A lost account makes a sad user, and if with the account they also lost all their data, you will have a user that will probably hate you forever. This is especially true now that we have an encryption key that is encrypted using the user's password: that means we, or you, as the provider, can't just change the user's password and all is well. The encryption key requires the correct password.

Looking at it from a more positive side, having a packed up key opens up the way to more recoverability options we can implement to postpone a user's account's demise.

Password backups

Since we store the password protected app key, one option is to save the previous packed key on a password change. Assuming there's been a new password leak and people actually follow their new year's resolution to change their passwords, chances are they're going to forget that new password. Having a "revert to previous password" option would be quite helpful here.

As the narrative already reveals though, user comfort is at odds with security. There are further steps we can make to alleviate some of the security downsides, like only providing access to this functionality through an e-mail link. For a more advanced version, you might track and check the user's behaviour or location to see if it is actually the user and not someone else trying to "recover" the account.

In case the user has a password manager, this is less relevant, so an option for the user to disable it might make sense.

Recovery tokens on trusted computers

Another possibility opened up by a separated key and packaging is an extended version of "trust this computer". When logging in on a trusted computer, the client can generate a one-time use password for local storage on the computer with which the key gets packaged again. This is similar to a key sharing scenario, only that you are sharing the key with yourself and with a password that you don't know, and that is only usable once.

Again some security concerns about misuse arise; so additional barriers to access are really useful, like a link sent to the registered e-mail address.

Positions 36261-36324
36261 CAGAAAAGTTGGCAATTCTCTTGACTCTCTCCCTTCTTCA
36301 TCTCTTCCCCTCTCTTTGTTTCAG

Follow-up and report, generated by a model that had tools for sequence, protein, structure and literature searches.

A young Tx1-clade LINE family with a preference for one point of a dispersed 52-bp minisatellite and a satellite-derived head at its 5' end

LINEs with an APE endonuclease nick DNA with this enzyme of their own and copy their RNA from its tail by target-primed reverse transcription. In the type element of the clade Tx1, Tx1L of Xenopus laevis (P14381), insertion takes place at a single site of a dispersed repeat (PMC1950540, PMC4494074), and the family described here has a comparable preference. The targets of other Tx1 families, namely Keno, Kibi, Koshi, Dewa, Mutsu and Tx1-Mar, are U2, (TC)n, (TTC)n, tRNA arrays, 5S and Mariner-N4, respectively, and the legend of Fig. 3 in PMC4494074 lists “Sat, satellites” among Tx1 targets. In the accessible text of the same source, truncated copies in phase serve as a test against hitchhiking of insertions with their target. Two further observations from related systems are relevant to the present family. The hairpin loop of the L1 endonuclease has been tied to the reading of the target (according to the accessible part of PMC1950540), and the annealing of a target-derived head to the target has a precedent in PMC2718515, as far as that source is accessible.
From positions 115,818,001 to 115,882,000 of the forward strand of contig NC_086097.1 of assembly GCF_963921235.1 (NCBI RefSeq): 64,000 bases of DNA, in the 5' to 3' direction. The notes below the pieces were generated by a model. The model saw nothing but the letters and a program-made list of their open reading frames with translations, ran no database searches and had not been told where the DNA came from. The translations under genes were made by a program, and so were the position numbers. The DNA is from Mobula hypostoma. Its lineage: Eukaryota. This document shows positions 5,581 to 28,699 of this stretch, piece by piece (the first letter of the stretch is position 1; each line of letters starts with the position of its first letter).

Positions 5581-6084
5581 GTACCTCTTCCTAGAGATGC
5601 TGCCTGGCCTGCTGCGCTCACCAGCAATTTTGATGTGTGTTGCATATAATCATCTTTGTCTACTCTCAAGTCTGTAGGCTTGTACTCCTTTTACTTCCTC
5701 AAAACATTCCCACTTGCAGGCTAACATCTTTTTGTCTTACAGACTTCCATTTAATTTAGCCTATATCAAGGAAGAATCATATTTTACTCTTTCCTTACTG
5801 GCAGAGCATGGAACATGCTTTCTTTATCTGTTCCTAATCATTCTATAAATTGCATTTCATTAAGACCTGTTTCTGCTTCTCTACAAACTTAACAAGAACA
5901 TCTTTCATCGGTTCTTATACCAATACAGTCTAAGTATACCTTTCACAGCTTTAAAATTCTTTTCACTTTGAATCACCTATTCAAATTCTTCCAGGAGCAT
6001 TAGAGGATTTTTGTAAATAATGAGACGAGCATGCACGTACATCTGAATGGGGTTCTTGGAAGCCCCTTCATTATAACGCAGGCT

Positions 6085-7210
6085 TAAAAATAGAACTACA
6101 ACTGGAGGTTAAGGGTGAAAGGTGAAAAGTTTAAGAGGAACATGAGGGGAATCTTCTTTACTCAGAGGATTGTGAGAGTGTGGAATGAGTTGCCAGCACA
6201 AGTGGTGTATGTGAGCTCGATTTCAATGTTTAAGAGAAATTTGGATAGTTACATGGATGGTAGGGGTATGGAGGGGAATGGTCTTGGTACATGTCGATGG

These examples also highlight the importance of one element, and a restriction on working with client-side encryption: e-mail is an integral piece of communication and layer of security.

Third party authentication services are not something you can use here. The user will always have to provide you, or at least the client, with a password, thus rendering the advantages of a third party authentication void.

Password-less login

Let's not fret, there's one more thing we can add, courtesy of our previously described recovery tokens: a password-less login. Any time a user wants to login on a system that is already identified to be "trusted", a separate password-less login can be added.

This would just send out an e-mail with a login link, that would use up the packaged key with the locally stored one-time password, use it for a login and then regenerate it.


In contrast to a user system for a regular application, including client-side encryption of all data puts up some restrictions and additional data points that need to be considered. The most important one is the addition of an encryption key. Handling it can be done two ways: either generated every time on the fly using the password, or stored in an encrypted container using the password.

Generating it on the fly is quick and simple but also very restrictive, as it doesn't allow you to ever change your password.

Having a separate package for the key requires some additional code and interaction flows, but allows you to change the password any time you want. Coming with that are a myriad of recovery and UX options that become available.